Gather or transmit more light to your eye

Discussion in 'Optics' started by TXCOONDOG, Jul 9, 2013.

  1. TXCOONDOG

    TXCOONDOG Highlands, Texas

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    Some information that is good to know:


    A 50mm objective does not gather or transmit more light to your eye than a 40/42mm objective in a 1" tube. It is the the exit pupil and the light transmission quality of the glass that determines low light visibility and what you can see at sunrise, sunset, and at night. The exit pupil should be as large as the human eye under the same conditions. The exit pupil is calculated by dividing the objective diameter by the power setting on the scope. At night a 42mm objective scope set on 6 power will give you a 7mm exit pupil which is optimal and matches your eye and transmits the maximum light the eye can see.


    From Nikon: "As far as 30mm vs. 1", they do not gather or transmit any more light than a 1" scope, but they provide a larger sweet spot to enhance resolution."


    From Leupold: "The key to a scope providing a bright image to the shooter is not how much light it "gathers" but how much usable light it transmits. "Gathers, transmits, what's the difference?" Quite a lot, actually. First of all, rifle scope do not "gather" light, they transmit it. Yes, large objective scopes allow more light to enter the scope, but that by itself does not guarantee that the image will be any brighter than a smaller objective scope's. In other words, the better the glass and coatings you get, the better your night hunting."


    Since a healthy eye pupil is 7, think in numbers of 7:


    First number represents magnification setting, 7 represents healthy exit pupil, last number is your objective lens size.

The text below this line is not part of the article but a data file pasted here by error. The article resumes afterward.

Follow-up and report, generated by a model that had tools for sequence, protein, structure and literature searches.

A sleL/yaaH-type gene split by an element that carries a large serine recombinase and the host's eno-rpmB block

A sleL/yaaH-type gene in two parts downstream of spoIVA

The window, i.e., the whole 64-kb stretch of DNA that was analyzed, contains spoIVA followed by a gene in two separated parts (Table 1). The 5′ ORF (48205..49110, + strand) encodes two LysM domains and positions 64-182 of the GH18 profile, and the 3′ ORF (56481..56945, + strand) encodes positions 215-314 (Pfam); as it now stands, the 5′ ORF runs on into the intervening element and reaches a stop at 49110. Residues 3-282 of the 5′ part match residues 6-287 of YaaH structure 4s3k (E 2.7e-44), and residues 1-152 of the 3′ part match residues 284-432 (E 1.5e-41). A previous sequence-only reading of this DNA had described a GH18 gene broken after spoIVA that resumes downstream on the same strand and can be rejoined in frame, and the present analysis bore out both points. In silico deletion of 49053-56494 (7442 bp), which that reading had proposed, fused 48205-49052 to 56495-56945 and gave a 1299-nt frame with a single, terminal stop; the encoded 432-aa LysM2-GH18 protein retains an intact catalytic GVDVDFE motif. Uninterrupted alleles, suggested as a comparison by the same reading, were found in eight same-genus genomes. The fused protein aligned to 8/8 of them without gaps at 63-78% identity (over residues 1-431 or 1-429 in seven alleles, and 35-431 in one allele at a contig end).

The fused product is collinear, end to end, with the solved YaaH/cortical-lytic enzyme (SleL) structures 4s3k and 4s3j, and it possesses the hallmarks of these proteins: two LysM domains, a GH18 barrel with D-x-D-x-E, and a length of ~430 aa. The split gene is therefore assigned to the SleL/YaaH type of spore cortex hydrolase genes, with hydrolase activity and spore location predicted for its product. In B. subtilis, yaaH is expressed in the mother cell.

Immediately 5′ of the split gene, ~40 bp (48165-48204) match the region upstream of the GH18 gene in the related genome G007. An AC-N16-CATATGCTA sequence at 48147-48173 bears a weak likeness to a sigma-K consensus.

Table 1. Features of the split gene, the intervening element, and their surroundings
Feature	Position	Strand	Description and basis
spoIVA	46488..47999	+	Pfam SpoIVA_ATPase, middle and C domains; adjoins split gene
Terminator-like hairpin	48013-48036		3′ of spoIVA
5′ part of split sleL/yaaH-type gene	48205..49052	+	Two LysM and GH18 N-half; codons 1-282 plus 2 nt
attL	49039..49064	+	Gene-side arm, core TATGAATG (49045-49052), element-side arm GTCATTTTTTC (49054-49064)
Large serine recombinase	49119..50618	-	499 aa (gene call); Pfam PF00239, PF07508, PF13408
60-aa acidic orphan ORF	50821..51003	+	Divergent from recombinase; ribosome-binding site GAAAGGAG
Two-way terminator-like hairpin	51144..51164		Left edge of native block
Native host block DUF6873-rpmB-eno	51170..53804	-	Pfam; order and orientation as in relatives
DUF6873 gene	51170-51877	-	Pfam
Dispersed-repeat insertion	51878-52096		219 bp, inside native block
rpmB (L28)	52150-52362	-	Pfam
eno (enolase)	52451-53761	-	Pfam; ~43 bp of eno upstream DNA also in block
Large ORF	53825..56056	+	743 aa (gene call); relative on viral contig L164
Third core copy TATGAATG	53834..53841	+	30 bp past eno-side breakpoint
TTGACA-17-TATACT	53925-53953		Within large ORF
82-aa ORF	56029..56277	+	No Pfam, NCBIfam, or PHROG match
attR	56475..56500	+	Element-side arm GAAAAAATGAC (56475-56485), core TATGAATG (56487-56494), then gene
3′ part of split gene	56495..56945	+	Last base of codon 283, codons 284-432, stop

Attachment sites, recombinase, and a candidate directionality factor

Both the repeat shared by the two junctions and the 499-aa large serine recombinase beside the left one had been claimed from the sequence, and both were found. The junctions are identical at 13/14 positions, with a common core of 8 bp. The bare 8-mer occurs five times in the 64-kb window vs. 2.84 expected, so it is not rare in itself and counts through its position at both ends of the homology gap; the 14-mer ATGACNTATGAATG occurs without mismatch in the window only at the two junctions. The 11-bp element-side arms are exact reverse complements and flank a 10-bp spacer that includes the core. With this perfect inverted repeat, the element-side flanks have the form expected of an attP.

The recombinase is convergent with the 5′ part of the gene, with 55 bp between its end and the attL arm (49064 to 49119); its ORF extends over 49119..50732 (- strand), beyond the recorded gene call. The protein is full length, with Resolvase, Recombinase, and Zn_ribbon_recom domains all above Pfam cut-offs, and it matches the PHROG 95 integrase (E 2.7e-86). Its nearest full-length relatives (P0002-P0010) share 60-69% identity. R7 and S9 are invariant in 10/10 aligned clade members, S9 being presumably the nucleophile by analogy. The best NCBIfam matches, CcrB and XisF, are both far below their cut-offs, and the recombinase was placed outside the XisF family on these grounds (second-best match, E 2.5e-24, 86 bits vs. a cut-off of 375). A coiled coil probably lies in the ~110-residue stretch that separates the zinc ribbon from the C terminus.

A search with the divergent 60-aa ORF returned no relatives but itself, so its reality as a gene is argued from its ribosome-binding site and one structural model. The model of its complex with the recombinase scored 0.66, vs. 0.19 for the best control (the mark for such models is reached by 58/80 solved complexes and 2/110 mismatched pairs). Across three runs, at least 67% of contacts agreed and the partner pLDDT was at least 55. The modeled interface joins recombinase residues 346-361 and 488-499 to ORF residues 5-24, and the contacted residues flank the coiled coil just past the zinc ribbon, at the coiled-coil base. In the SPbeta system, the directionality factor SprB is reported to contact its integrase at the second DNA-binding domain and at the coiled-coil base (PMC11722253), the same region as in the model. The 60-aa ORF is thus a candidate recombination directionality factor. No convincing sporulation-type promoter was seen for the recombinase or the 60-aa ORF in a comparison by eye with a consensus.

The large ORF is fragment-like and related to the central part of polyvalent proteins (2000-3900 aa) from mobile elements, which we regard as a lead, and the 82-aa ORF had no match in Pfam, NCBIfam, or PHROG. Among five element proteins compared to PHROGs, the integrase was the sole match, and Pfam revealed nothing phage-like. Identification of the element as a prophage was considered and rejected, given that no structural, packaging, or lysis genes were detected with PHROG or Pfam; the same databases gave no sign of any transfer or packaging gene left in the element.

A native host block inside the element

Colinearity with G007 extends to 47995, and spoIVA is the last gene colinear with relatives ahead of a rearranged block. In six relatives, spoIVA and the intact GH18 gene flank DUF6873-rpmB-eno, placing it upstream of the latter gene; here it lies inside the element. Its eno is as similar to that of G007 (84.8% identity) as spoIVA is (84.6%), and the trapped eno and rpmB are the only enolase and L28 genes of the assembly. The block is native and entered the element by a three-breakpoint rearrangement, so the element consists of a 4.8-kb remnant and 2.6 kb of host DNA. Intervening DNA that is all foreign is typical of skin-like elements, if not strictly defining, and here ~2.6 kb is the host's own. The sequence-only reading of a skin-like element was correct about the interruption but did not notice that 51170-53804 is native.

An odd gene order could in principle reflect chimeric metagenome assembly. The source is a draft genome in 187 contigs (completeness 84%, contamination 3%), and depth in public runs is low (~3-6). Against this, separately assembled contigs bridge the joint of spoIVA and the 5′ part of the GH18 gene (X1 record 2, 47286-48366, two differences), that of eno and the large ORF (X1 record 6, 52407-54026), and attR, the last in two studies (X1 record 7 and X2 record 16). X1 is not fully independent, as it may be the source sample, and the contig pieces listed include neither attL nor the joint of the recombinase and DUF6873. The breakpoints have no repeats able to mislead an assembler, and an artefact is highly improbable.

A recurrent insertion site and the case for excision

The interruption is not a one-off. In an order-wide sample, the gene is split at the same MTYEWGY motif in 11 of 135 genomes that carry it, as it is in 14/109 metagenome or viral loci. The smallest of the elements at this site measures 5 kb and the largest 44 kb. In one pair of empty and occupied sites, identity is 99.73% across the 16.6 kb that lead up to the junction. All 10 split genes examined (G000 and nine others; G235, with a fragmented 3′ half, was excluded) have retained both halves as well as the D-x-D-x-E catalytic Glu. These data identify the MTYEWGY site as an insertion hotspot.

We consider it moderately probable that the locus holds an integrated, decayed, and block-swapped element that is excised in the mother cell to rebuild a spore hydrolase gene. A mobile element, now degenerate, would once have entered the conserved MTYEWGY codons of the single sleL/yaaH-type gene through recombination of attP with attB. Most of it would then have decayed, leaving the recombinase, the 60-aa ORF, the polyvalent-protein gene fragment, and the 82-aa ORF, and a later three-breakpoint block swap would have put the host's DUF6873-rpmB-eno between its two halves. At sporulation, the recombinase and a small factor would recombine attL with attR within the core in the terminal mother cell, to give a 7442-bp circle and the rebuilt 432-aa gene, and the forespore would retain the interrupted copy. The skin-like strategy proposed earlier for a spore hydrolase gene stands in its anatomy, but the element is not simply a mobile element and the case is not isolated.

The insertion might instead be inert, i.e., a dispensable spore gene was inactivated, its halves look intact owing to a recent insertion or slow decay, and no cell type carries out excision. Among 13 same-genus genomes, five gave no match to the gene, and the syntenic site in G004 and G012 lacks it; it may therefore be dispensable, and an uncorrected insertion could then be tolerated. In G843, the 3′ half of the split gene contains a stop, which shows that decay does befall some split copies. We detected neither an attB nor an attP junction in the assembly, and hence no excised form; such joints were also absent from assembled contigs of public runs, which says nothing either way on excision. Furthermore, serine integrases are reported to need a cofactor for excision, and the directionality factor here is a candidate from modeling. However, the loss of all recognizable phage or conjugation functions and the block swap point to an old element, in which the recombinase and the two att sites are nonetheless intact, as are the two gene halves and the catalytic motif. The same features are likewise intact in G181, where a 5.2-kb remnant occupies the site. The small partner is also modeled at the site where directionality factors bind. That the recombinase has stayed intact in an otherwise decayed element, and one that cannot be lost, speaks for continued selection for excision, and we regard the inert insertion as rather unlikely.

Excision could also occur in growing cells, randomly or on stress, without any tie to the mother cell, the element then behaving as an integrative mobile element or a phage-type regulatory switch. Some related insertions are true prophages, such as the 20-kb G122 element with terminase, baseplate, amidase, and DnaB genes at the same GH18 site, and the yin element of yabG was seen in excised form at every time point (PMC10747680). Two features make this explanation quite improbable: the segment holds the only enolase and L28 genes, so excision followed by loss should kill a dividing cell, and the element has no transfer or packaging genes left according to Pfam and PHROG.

1X7= 7MM
    2X7= 14MM
    3X7= 21MM
    4X7=28MM
    5X7=35MM
    6X7=42MM
    7X7=49MM
    7X8=56MM
     
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  2. Ratdog68

    Ratdog68 LSB Official Story Teller LoneStarBoars Supporter

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    We have stickage... we have stickage folks. Good find.
     
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  3. rob072770

    rob072770 Lewisville NC SUS VENATOR CLUB LoneStarBoars Supporter

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    I love to learn new stuff
     
  4. pruhdlr

    pruhdlr Cantonment,Fla. SUS VENATOR CLUB

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    I have been using the basic formula for some years now. The way that I heard it is the younger eyes will dilate down to 5mm,for us ol' farts use the 7mm formula. I used this while night hunting coyotes in Maine. The typical was to drag a road kill deer out onto a frozen lake with my snowmobile,then build a snow shelter on the bank and hunt the full moon,clear nights. I would actually crank back the power setting as the ambient light faded. I do the same thing night hunting in Fla.

    I will say though, that a 30mm will give you more field of view and allow you to track a moving target somewhat better. --- pruhdlr
     
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  5. PRyan1877

    PRyan1877 Roselle, Illinois LoneStarBoars Supporter

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    This is good useful information. Thank you for sharing it with us.
     
  6. BigRedDog

    BigRedDog LSB Active Member SUS VENATOR CLUB Vendor LoneStarBoars Supporter

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    Not sure that I follow the reasoning.

    Don't know that I agree.
     
  7. Brian Shaffer

    Brian Shaffer Pro Staff Third Coast Thermal SUS VENATOR CLUB LoneStarBoars Supporter

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    I am rather disappointed in the Leupold statement, or rather, misstatement. TCD is right in that a scope neither gathers or transmits.
     
  8. DaveABQ

    DaveABQ Albuquerque, NM

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    Brian Shaffer likes this.
  9. Drift

    Drift LSB Member

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    Pruhdir is right in that older eyes don't see in the dark as well as younger eyes. Where he is mistaken is that older eyes do not dilate as much as younger eyes. So 5 mm is about all the light older eyes let in; so any light> about 5 mm is wasted.
     
  10. rob072770

    rob072770 Lewisville NC SUS VENATOR CLUB LoneStarBoars Supporter

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    Well,that explains a lot and my eye Doc told me that cataracts have started. Typical for my young age Ha Ha.
     

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